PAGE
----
Thursday, September 4, 2008

Against Dominating Despair


The despairing and disbelieving conversations that dominate how the media is imagining and interacting with the crises facing the City of Manukau (and most of our planet for that matter) have driven me to Walter Brueggemann.
He claims:
"... the dominant text of our culture is a practice of despair. A closed, settled world of reasonableness requires that there are no new gifts to be given, and there is no Giver who might give gifts. There is nothing more than management and distribution of what is already there, distribution and redistribution, wars about distribution of land and oil and water, no more gifts. Everything is limited and scarce, to be guarded and kept, to be confiscated and seized. It is so in the public domain of economics, not less so in the intimate world of human transactions and emotional need - not enough of love, a shortage of forgiveness, and finally a deprivation of grace in this age and in the age to come."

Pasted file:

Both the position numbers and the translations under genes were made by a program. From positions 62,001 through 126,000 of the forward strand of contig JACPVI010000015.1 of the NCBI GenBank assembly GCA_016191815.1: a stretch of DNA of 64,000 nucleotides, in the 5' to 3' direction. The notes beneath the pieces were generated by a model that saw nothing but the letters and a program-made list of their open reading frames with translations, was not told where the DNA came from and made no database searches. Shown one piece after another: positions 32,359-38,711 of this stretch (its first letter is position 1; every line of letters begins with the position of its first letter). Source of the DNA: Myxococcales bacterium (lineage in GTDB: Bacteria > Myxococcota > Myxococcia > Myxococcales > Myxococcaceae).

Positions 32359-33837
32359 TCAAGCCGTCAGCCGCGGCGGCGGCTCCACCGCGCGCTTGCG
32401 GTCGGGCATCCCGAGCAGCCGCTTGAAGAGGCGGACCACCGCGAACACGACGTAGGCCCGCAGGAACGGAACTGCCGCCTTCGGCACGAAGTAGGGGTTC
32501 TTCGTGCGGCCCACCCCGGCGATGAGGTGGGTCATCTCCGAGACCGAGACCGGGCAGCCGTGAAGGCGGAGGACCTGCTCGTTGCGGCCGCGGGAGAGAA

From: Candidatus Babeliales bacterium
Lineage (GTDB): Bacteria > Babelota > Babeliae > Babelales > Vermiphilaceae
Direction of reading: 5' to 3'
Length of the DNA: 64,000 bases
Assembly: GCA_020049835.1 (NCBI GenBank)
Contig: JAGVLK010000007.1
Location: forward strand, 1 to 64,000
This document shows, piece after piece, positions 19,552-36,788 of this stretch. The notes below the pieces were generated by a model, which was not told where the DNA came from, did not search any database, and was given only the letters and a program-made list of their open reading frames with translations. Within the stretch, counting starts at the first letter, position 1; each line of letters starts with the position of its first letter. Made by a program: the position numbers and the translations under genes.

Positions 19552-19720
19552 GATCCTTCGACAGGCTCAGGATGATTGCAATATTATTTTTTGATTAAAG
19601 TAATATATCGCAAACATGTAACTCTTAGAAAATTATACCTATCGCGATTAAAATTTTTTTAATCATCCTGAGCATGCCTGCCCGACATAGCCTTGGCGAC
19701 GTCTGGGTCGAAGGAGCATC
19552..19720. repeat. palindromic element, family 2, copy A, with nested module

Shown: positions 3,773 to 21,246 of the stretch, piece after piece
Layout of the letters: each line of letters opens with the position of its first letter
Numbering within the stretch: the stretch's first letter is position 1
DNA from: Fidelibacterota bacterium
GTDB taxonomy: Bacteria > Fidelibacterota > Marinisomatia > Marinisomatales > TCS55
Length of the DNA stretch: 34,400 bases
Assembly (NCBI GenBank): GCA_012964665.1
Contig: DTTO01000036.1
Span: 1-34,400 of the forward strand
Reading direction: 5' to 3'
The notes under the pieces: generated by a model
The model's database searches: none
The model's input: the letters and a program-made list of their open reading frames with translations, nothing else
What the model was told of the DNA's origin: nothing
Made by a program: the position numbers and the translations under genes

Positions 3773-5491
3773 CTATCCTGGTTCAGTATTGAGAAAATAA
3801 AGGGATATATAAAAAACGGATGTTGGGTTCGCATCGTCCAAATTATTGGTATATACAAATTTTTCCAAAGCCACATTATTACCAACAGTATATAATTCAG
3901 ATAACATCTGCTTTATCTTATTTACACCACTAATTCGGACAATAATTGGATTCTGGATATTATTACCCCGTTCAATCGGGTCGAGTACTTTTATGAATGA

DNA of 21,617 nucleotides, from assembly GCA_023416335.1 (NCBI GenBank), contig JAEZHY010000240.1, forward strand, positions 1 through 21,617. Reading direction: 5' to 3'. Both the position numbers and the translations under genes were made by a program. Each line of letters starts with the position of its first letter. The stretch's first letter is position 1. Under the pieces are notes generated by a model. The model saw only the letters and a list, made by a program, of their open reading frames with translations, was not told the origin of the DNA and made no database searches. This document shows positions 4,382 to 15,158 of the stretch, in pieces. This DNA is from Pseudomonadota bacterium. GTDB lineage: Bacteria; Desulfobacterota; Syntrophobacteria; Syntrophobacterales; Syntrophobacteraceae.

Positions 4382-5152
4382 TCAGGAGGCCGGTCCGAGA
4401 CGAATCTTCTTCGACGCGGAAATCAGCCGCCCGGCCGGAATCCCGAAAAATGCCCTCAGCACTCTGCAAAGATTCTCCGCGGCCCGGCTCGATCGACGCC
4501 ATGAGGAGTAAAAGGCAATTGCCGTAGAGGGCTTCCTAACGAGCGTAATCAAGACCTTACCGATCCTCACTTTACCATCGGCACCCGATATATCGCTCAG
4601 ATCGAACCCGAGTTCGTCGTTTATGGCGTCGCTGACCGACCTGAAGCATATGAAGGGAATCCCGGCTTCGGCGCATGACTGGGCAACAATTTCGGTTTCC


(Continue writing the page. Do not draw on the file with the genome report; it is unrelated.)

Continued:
(Walter Brueggemann, 2006, The Word that Re-describes the World).

The counter-text of our faith is the daring, finger-giving-gritted-teeth, pervasive conviction that God and His healing is larger than every circumstance our communities face. Surely, that is the hopeful noise that we should be making today?

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